Fabrication and acoustic transmission experiments of BMIT

We assembled BMIT using agarose hydrogel to embed a hexagonal matrix of steel cylinders. The agarose hydrogel layer (fig. S7) was sandwiched between two acrylic rectangular plates with a dimension of 6 cm by 6 cm by 0.5 cm. The plates were fabricated on the basis of a hexagonal honeycomb metamaterial design. The hexagonal lattice constant was 2 mm, and the steel cylinder diameter D of BMIT was progressively increased from 0.1 to 2 mm.

To tune the acoustic impedance, the steel-hydrogel composite without two acrylic plates was compressed by pushing the plastic plate at x = 0, and the movement was measured with a vernier caliper. Forty percent compression of the steel-hydrogel composite was performed by pushing the plastic plate from x = 0 to x = −0.4L using an external force. Using the experimental method in Fig. 2, the acoustic impedance profile in Fig. 1B could be approached for BMIT, and they show a significant linear correlation (P < 0.001, r2 = 0.98).

Ultrasound transmission experiments were performed in an anechoic water tank. A tank with dimension of 1.2 m by 1.2 m by 1 m was covered by sound-absorbing material to approach the condition of the free acoustic field. A broadband acoustic transducer with a diameter of 0.03 m was used to produce the tone-burst signal with a five-cycle duration, where the applied frequency range was from 50 to 230 kHz. The signals were recorded by a broadband receiver at a distance of 0.1 m. The signal was then analog to digital (A/D) converted with the sampling rate of 1M kHz. The signals were measured 10 times to test the reproducibility. When the transducer frequency was increased from 60 to 120 kHz and the transformer length was decreased from 2.5 to 1.5 cm, both frequency and length dependencies for maximal transmission are found in QIT; however, BMIT was not influenced by increasing frequency and compression. Frequency shift between theoretical predictions and experimental measurements in Fig. 3C may be associated with the thin water layer between the acoustic transducer and the transformer.

Underwater ultrasound transmission experiments were performed using a single-beam echosounder (BioSonics, Seattle, WA, USA) with a transducer diameter of 26 cm and center frequency of 123 kHz. To fit the sizes of the transformers and reduce the effect of wave reflections, extra spaces of the transducer beyond the transformers were covered by sound-absorbing material. An iron cylinder with a length of 10 cm and a diameter of 9 cm was used as an acoustic ranging object. In Fig. 4, the time-distance acoustic backscatter intensity profiles for QIT and BMIT were given for L = 2.5 and 1.5 cm, where the horizontal axis is time, the vertical axis is the ranging distance, and the color bar gives the backscattered signal amplitude in decibel. The echo amplitude significantly increased when the steel wall was detected, while the object has a smaller backscattering area. The steel wall was shown in brown, the object was shown in yellow, and the water was shown in green. We tested the ultrasound detection performances of QIT and BMIT by including the following cases: (I) without object, (II) with an immobile object, and (III) with a swaying object. Decreasing the transformer length to L = 1.5 cm at the compression ratio of 40% might not significantly affect underwater ultrasound detection.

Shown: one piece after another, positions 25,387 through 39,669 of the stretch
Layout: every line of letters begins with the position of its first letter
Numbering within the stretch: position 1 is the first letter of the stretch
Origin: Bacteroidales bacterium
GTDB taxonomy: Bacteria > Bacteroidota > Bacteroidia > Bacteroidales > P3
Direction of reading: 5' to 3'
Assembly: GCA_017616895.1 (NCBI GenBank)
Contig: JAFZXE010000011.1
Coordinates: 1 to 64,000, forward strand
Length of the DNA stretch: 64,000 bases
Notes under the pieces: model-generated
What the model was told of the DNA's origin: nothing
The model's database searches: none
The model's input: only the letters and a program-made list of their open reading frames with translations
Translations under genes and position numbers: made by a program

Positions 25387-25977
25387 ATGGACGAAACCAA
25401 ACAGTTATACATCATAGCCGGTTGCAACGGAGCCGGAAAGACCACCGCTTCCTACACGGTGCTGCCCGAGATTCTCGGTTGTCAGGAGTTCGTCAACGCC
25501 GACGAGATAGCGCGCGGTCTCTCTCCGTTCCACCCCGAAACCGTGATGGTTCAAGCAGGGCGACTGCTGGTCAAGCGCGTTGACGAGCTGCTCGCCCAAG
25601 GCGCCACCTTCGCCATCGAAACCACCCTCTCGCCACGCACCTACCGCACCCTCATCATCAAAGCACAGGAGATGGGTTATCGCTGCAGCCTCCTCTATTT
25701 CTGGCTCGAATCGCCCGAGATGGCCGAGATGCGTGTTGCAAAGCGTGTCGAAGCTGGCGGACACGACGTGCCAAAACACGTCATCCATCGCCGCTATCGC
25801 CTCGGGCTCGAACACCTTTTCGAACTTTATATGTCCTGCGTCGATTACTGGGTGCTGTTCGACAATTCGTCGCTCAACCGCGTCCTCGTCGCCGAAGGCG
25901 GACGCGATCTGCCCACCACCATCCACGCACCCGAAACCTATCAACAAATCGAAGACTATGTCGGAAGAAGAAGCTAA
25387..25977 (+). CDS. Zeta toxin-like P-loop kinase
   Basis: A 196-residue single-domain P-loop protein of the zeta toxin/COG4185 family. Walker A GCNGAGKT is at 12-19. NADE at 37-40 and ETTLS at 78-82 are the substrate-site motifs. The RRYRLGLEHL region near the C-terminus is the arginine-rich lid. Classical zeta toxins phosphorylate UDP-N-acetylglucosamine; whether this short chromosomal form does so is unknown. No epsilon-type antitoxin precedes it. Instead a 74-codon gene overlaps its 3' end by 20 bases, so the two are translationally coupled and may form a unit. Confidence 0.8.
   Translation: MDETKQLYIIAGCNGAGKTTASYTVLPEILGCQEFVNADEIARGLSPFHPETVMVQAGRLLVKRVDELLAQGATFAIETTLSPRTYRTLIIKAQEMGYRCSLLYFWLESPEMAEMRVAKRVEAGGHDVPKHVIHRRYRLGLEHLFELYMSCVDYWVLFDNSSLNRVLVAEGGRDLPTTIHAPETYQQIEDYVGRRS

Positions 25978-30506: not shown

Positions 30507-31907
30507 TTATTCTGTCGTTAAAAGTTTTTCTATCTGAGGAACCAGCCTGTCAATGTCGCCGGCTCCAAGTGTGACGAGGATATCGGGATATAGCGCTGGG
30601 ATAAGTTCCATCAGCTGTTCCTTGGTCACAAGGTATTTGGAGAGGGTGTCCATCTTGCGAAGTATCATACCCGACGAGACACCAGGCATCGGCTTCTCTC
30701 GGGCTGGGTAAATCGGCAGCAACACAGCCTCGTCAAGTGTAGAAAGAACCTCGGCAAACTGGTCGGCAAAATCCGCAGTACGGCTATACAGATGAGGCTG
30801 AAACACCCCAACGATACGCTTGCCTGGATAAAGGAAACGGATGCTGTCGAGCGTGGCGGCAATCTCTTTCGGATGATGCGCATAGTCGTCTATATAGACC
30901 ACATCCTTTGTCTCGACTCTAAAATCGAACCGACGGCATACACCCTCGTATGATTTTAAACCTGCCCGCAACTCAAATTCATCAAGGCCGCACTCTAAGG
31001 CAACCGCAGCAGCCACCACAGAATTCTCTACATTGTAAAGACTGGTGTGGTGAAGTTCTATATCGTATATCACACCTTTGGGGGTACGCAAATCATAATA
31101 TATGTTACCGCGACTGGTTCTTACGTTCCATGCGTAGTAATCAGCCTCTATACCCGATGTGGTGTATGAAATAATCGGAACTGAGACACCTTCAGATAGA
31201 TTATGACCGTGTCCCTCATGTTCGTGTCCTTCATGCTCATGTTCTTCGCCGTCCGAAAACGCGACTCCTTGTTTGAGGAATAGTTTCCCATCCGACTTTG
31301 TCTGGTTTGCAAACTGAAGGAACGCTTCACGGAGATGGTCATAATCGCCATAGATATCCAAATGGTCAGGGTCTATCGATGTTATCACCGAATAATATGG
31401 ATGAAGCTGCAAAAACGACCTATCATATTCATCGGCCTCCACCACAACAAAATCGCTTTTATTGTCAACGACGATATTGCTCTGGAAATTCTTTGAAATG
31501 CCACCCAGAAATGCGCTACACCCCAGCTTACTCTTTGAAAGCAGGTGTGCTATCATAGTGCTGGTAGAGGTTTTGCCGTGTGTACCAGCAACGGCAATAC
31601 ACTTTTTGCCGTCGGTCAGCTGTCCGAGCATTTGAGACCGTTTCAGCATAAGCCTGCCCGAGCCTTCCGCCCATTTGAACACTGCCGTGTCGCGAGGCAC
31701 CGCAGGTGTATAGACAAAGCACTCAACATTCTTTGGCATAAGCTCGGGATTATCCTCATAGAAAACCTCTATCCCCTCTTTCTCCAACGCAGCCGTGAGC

SUPPLEMENTARY MATERIALS

Supplementary material for this article is available at http://advances.sciencemag.org/cgi/content/full/6/44/eabb3641/DC1

https://creativecommons.org/licenses/by-nc/4.0/

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REFERENCES AND NOTES

Acknowledgments: We thank P. Cao and L. Tang for their experimental assistance. Funding: Y.Z., E.D., S.G.M., Z.S., and Q.H. acknowledge financial support from the National Key Research and Development Program of China (2018YFC1407504) and the National Natural Science Foundation of China (grant nos. 41676023, 41276040, 41422604, and 11604128). Author contributions: Y.Z., N.X.F., and X.Z. conceived the project. Y.Z., S.G.M., and Q.H. conducted the analysis of theoretical and numerical data. E.D. and Z.S. provided the numerical simulation and experimental data. E.D. and Z.S. collected and conducted the analyses of experimental data and wrote the manuscript. Competing interests: The authors declare that they have no competing interests. Data and materials availability: All data needed to evaluate the conclusions in the paper are present in the paper and/or the Supplementary Materials. Additional data related to this paper may be requested from the authors.